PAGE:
On March 6, 2018, the adult performer Stormy Daniels (birth name Stephanie Clifford) filed a lawsuit against President Donald Trump.
The lawsuit, which you can read below, came after a month-plus of reports from various press outlets alleging that Daniels and Trump had an affair beginning in July 2006 at a celebrity golf tournament at Lake Tahoe. The reports also alleged that Trump Organization attorney Michael Cohen had, in October 2016, paid Daniels $130,000 in hush money for her to keep quiet.
While Daniels initially denied the affair, her decision to file a lawsuit served as confirmation on her part of the affair. She and her lawyer, Michael Avenatti, even included the text of the “hush agreement” as an exhibit attached to her complaint:
The lawsuit is notable in that Daniels does not request monetary damages. Rather, she requests relief from the confines of the “hush agreement,” and the permission to tell her story publicly.
Since the lawsuit was announced, there has been a rapid-fire slate of media appearances from Daniels and her attorney Avenatti, as well as legal countermeasures by Trump’s representatives (principally Cohen) meant to silence them.
The developments have been a bit much to follow, so here’s a simple breakdown.
What the “hush agreement” actually says
The lawsuit is notable first and foremost because it contains a mostly unredacted nondisclosure agreement, signed by Daniels and by Trump’s representatives (but, importantly, not Trump himself) on October 28, 2016.
The agreement confirms the amount paid to Daniels: $130,000, routed through Michael Cohen’s company Essential Consultants LLC (referred to as “EC LLC” in the lawsuit), which was also named in the January 18 Wall Street Journal article breaking the story of the affair and payoff.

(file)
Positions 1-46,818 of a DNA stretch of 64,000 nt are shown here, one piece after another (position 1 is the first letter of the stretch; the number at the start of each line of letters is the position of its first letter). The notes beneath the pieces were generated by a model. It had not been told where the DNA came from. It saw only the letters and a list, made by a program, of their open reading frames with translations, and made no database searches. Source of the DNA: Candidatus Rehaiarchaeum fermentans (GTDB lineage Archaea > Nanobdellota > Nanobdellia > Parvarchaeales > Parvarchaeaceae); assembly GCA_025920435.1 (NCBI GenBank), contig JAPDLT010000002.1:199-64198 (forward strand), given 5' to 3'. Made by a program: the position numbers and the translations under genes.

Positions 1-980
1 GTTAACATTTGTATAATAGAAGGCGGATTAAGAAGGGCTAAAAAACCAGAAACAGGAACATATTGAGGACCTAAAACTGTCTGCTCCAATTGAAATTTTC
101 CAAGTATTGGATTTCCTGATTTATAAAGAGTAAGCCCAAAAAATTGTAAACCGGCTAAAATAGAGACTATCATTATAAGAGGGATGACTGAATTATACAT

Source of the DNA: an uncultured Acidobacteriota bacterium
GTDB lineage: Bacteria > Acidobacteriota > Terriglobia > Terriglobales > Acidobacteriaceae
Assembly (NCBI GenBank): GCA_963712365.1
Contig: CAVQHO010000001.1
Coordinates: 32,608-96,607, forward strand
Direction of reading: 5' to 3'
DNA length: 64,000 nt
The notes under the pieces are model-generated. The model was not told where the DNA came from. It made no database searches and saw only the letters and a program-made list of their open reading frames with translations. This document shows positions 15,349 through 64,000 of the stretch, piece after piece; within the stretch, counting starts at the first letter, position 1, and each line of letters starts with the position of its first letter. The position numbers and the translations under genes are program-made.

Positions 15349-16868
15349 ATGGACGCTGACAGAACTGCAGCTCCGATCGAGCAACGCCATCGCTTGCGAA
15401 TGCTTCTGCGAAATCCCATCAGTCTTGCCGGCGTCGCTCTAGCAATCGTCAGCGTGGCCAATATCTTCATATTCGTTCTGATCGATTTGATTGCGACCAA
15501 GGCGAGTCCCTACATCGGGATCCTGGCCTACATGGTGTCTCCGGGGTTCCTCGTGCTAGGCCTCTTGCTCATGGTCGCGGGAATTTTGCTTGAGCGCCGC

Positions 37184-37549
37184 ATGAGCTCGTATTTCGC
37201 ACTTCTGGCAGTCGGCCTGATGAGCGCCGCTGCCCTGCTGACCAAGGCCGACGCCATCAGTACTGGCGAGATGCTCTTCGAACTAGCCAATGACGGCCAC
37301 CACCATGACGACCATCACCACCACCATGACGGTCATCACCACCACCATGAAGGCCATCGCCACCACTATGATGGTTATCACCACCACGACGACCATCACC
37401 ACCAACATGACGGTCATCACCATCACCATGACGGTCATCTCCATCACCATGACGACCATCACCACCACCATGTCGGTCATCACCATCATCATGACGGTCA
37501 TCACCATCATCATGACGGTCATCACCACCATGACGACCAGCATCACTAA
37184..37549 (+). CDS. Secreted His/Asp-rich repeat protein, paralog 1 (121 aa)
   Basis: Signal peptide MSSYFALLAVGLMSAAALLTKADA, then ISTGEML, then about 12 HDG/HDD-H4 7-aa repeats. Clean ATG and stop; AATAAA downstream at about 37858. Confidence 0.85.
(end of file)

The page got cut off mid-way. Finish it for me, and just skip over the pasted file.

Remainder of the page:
Throughout the document, Daniels is referred to by the pseudonym “Peggy Peterson” (or “PP”) and Trump is referred to as “David Dennison” (or “DD”), to minimize the odds that their true identities could be made public.
A separate side letter agreement, also attached in the lawsuit, specifies that PP is a pseudonym for Daniels. The original side letter also lists the true names of “David Dennison” and “EC, LLC,” but they are redacted in the version included in the lawsuit. That said, it’s obvious those pseudonyms refer to Donald Trump and Essential Consultants.
The 15-page hush agreement requires that Daniels hand over any still images, text messages, “Instagram message, facebook posting [sic],” or “any other type of creation” by Trump, and bars her from releasing those documents or any private information about Trump (included “alleged sexual partners, alleged sexual actions or alleged sexual conduct”).
The remedies listed in the agreement include the payment of $1 million per breach of the agreement (Daniels is also required to hand over money she earns through disclosing confidential information about Trump). Depending on how a “breach” is defined — $1 million per interview she gives to the press? $1 million per fact about Trump stated in each interview? — that could in theory amount to tens of millions of dollars if Daniels talks extensively to the press.
The agreement is also very clear that Trump and Daniels gave up the right to resolve disputes outside of private arbitration. “Any and all claims or controversies … shall be resolved by binding confidential Arbitration to the greatest extent permitted by law,” the agreement reads.
“Each of the Parties understands, acknowledges and agrees that by agreeing to arbitration as provided herein, each of the Parties is giving up any right that he/she/it may have to a trial by judge or jury with regard to the matters which are required to be submitted to mandatory and binding Arbitration pursuant to the terms hereof.”
The agreement is explicit that Trump is entitled to “immediately obtain, either from the Arbitrator and/or from any other court of competent jurisdiction, an ex parte issuance of a restraining order … without advance notice to [Daniels].” Ex parte is a Latin term referring to a legal proceeding where only one party is present.
The big question: does Trump’s failure to sign void the deal?